It's the best episode of Homeland ever.
Craig Monteilh, a former FBI informant who was assigned to infiltrate mosques in Southern California, gave The Guardian the scoop about his experience. Monteilh, who got involved in the FBI after he met some off-duty cops at the gym, is a fitness instructor living in Irvine, California. He had an alias created for him by the FBI: a French-Syrian man named Farouk Aziz; he wore a secret video recorder sewn into his shirt or an audio recorder on his key ring to record conversations in the mosques, ultimately aimed at identifying radicals.
He has since seen the error of his ways:
"The way the FBI conducts their operations, It is all about entrapment … I know the game, I know the dynamics of it. It's such a joke, a real joke. There is no real hunt. It's fixed."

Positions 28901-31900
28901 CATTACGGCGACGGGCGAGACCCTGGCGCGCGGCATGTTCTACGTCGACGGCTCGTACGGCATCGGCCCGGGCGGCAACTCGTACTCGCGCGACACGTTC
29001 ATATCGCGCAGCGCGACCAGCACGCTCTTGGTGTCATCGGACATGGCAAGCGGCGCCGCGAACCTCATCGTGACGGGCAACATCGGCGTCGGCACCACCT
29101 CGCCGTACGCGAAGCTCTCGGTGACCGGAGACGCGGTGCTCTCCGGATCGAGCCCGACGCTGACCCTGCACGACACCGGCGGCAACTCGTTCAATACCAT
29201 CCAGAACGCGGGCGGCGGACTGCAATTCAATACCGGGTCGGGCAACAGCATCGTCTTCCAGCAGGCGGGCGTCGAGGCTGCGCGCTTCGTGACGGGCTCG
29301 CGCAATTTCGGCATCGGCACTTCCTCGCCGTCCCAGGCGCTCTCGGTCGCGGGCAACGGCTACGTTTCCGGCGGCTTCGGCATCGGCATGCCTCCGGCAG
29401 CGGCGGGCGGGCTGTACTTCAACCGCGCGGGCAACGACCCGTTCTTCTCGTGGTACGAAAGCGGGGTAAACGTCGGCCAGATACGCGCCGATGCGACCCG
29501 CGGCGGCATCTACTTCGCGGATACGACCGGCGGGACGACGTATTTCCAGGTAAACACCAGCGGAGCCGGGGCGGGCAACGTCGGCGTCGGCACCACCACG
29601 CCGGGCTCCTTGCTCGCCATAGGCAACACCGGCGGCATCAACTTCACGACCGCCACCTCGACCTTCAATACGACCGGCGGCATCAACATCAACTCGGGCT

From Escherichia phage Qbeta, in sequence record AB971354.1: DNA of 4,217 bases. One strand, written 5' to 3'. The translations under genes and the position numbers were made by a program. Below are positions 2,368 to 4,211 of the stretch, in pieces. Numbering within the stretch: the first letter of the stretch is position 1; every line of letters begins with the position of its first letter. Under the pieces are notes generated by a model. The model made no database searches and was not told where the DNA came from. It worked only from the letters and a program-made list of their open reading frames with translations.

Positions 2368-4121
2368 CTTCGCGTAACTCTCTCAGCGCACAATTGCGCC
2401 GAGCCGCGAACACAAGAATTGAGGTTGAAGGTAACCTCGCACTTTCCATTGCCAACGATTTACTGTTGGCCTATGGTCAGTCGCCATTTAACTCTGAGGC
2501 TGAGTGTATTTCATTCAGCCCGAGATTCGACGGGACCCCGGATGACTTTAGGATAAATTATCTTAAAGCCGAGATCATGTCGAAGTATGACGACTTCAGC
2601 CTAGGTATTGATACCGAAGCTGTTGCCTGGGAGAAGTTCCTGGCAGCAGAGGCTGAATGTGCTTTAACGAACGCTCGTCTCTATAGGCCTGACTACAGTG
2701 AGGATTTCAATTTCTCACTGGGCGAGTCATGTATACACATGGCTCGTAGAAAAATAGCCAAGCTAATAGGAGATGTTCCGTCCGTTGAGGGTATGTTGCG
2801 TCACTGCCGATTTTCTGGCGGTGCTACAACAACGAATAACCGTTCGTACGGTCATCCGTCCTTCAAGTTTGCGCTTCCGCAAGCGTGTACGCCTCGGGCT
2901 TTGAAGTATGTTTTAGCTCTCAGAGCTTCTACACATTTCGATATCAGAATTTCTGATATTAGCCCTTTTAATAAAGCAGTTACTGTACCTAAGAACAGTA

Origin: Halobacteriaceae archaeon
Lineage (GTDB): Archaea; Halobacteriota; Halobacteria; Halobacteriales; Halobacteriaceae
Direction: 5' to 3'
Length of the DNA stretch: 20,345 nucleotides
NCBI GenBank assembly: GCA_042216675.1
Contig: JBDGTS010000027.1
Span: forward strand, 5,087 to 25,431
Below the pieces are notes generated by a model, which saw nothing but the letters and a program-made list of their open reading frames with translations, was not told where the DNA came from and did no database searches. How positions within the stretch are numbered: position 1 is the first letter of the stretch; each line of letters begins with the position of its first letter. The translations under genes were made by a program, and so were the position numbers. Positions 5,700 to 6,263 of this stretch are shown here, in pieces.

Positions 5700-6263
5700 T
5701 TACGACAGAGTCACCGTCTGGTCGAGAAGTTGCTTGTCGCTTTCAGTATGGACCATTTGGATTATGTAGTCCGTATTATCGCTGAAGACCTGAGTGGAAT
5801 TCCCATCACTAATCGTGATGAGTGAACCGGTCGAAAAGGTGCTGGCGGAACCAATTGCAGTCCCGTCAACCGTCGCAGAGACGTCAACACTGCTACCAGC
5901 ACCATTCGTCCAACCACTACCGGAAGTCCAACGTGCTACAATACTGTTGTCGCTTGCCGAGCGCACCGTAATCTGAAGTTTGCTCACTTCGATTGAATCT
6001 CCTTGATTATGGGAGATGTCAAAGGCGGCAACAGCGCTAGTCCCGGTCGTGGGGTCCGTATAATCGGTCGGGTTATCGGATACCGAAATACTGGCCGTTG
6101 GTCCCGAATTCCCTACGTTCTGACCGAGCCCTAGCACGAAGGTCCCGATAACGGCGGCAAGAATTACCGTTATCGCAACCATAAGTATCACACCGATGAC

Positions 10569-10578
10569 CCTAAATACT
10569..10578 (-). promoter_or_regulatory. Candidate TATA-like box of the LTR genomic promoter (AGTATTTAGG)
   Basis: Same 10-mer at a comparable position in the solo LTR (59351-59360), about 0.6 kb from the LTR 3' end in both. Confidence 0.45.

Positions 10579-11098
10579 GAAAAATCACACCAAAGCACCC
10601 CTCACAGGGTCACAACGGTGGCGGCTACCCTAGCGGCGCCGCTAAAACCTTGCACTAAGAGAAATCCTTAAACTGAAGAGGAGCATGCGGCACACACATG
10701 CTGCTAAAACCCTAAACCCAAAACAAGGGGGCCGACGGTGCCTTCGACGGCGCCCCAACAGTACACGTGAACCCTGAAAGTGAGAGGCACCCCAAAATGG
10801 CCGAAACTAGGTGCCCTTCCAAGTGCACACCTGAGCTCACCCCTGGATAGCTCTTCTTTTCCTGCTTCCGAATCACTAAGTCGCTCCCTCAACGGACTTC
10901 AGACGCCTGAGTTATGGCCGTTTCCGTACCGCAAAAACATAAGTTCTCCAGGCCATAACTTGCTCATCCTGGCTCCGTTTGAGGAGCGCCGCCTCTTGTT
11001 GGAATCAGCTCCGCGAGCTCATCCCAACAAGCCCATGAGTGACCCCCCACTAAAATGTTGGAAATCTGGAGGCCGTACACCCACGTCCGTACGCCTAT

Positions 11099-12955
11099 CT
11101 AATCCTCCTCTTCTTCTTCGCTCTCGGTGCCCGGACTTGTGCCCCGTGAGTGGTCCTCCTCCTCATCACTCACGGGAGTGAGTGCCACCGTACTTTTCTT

Monteilh often left his keys — with the attached audio recorder — in rooms where important conversations might take place and sent the recordings back to his FBI handlers once a week. His keys left in various rooms throughout the week, Monteilh earned a reputation for being careless with his things.
Monteilh converted to Islam in July 2006 and was tasked with recording conversations members of the mosques about jihad and American foreign policy. Monteilh met with his handlers, Kevin Armstrong and Paul Allen, twice a month in a hotel room in Anaheim to give reports. Armstrong and Allen wanted to find potential militants and use personal information Monteilh provided — someone having an affair or coming out — to recruit new FBI informants.
His handlers gave Monteilh free rein to get information by almost any means. "They said, if it would enhance the intelligence, go ahead and have sex," Monteilh said, "So I did."
Monteilh may not have been a particularly successful spy. Muslims in Orange County filed a restraining order against him and eventually reported Monteilh to...the FBI.